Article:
The War in Iraq (2005)
Just two years after his lengthy speech on the floor of the Senate, Biden announced that the Iraq War had, in fact, been a mistake. In an interview with NBC News, Biden said, “It was a mistake. It was a mistake to assume the president would use the authority we gave him properly. And I brought along that whole quote. I knew you'd ask me this….So I never argued that there was an imminent threat. We gave the president the authority to unite the world to isolate Saddam. And the fact of the matter is, we went too soon. We went without sufficient force. And we went without a plan (https://www.nbcnews.com/id/wbna10154103). In 2019, when asked about his position in the Iraq War, Biden lied: “I did make a bad judgment, trusting the president saying he was only doing this to get inspectors in and get the U.N. to agree to put inspectors in. From the moment ‘shock and awe’ started, from that moment, I was opposed to the effort, and I was outspoken as much as anyone at all in the Congress and the administration.” (https://www.washingtonpost.com/politics/2019/09/09/bidens-claim-that-he-opposed-iraq-war-moment-it-started/). If we review his statements from 2002-2003, however, we find that Biden did absolutely not forthrightly oppose the conflict once it started.
The War in Iraq Surge (2006)
In 2006, Biden opposed the Iraq War surge, which brought the situation in Iraq under control. The plan, which was under consideration at the time, was to send an additional 30,000 troops to Iraq in a bide to restore order. “I totally oppose this surging of additional American troops into Baghdad,” Mr. Biden said. “It’s contrary to the overwhelming body of informed opinion, both inside and outside the administration” (https://www.nytimes.com/2006/12/27/washington/27diplo.html). The surge proved to be one of the most beneficial moves of the Obama administration, as it cooled rising tensions in Iraq and stabilized the region for a period of time.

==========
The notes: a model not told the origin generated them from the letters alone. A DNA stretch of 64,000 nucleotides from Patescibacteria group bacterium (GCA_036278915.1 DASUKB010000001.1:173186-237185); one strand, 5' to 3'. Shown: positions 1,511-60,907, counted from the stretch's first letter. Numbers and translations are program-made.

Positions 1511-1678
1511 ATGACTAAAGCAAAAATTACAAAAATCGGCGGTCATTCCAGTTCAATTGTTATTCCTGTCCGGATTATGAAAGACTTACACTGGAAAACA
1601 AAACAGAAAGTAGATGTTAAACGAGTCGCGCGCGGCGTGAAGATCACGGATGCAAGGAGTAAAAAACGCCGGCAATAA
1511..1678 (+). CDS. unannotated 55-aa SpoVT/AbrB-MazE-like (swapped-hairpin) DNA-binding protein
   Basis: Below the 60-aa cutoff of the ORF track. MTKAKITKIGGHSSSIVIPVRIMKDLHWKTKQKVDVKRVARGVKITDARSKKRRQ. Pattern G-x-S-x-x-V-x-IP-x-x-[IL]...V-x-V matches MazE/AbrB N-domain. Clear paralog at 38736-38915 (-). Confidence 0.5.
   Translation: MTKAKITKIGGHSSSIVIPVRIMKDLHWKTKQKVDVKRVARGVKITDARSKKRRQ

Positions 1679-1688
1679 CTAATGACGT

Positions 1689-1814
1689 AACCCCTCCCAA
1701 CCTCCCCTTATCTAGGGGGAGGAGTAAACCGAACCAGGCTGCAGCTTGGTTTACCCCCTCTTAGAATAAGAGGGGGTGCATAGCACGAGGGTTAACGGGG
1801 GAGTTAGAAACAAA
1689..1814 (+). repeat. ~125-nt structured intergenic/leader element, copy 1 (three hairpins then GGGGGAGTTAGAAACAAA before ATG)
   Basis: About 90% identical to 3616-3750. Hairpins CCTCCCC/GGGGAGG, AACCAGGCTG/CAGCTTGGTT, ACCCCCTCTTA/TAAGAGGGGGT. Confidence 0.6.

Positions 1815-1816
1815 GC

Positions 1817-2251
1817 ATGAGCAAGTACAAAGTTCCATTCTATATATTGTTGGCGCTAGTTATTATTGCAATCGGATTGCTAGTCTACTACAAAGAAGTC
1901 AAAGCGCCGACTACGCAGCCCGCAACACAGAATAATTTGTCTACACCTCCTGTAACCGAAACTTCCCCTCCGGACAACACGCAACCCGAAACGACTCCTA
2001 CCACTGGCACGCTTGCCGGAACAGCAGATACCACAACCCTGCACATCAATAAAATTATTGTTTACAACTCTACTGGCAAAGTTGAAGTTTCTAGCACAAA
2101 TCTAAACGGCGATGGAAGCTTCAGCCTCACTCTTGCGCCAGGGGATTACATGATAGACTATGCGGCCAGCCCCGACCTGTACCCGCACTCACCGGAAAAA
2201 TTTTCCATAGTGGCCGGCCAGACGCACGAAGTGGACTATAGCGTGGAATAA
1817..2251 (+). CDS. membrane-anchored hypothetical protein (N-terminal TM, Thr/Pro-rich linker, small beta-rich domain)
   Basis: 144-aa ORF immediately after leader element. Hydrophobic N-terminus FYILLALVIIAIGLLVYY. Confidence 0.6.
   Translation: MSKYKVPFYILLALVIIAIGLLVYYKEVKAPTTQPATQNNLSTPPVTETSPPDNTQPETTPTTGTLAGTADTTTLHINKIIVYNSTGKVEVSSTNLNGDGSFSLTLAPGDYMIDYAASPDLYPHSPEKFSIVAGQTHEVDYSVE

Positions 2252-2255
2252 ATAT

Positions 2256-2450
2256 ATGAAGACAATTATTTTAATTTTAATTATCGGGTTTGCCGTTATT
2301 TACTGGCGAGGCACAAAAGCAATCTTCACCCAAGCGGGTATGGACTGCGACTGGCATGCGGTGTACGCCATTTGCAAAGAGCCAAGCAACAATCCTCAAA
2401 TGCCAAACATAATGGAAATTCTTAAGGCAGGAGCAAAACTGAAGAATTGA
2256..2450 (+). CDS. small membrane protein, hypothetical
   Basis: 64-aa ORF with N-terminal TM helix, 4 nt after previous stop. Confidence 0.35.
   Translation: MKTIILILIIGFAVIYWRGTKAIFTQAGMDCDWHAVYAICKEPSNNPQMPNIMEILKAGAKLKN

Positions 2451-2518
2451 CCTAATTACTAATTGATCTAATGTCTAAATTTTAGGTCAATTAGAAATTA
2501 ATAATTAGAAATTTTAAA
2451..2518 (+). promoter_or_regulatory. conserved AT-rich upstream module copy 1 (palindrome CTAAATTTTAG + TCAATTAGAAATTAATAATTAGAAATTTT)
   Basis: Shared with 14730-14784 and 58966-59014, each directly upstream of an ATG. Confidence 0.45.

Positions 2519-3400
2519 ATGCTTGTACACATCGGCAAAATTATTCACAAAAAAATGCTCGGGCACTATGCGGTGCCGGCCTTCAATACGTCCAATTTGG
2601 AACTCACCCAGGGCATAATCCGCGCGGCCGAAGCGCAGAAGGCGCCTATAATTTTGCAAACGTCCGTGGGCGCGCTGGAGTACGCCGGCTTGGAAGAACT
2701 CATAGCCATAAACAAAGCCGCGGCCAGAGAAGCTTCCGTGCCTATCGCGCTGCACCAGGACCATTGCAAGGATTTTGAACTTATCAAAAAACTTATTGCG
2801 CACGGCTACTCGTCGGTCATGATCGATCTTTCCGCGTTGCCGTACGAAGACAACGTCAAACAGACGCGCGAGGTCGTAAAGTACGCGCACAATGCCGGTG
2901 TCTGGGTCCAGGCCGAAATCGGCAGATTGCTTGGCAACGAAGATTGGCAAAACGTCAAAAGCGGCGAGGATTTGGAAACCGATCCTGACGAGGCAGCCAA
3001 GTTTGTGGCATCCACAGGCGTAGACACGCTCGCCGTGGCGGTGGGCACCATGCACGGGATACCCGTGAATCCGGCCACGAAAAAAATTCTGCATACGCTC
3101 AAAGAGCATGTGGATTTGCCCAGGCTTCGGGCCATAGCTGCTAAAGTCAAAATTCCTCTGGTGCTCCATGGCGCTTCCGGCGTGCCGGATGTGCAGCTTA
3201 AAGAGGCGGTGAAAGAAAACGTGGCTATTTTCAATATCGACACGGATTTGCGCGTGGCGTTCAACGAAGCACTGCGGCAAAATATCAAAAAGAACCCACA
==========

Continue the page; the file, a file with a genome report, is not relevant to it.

Carving up Iraq (2006)
In 2006, Biden made a full-on push to carve Iraq into three semi-autonomous regions, saying the idea that the Iraqi people would unite behind a strong central government was "fundamentally and fatally flawed." (https://www.politifact.com/factchecks/2010/jul/21/joe-biden/joe-biden-says-he-never-called-partition-iraq/). According to an article written in The Intercept, Robert Mackey explains that Biden’s desire to partition Iraq “Would Have Unleashed Chaos” (https://theintercept.com/2019/09/06/joe-biden-defends-record-iraq-including-plan-divide-along-sectarian-lines/). The 2006 plan, which Biden co-authored with Leslie Gelb, former president of the Council on Foreign Relations, paved a way for the U.S. to withdraw its troops from Iraq by “segregating the country’s three major ethno-religious groups — Arab Shias, Arab Sunnis, and Kurds — into self-governing regions” (https://theintercept.com/2019/09/06/joe-biden-defends-record-iraq-including-plan-divide-along-sectarian-lines/). The plan, which prompted dismay from Iraqis and was frowned upon by experts in the region, was luckily never implemented, but rather stands as another example of Biden’s foreign policy errors.
Pulling Troops Out of Iraq (2010)
When Barack Obama precipitously pulled troops out of Iraq in 2010, Biden declared it a major victory. In an interview with Larry King, Biden proclaimed, “I am very optimistic about Iraq. I think it’s going to be one of the great achievements of this administration.” (https://archive.thinkprogress.org/despite-opposing-withdrawal-from-iraq-cheney-takes-credit-for-withdrawal-success-31e55af6de65/). The move directly led to the rise of ISIS throughout the Middle East.
Obama’s Afghanistan Surge (2009)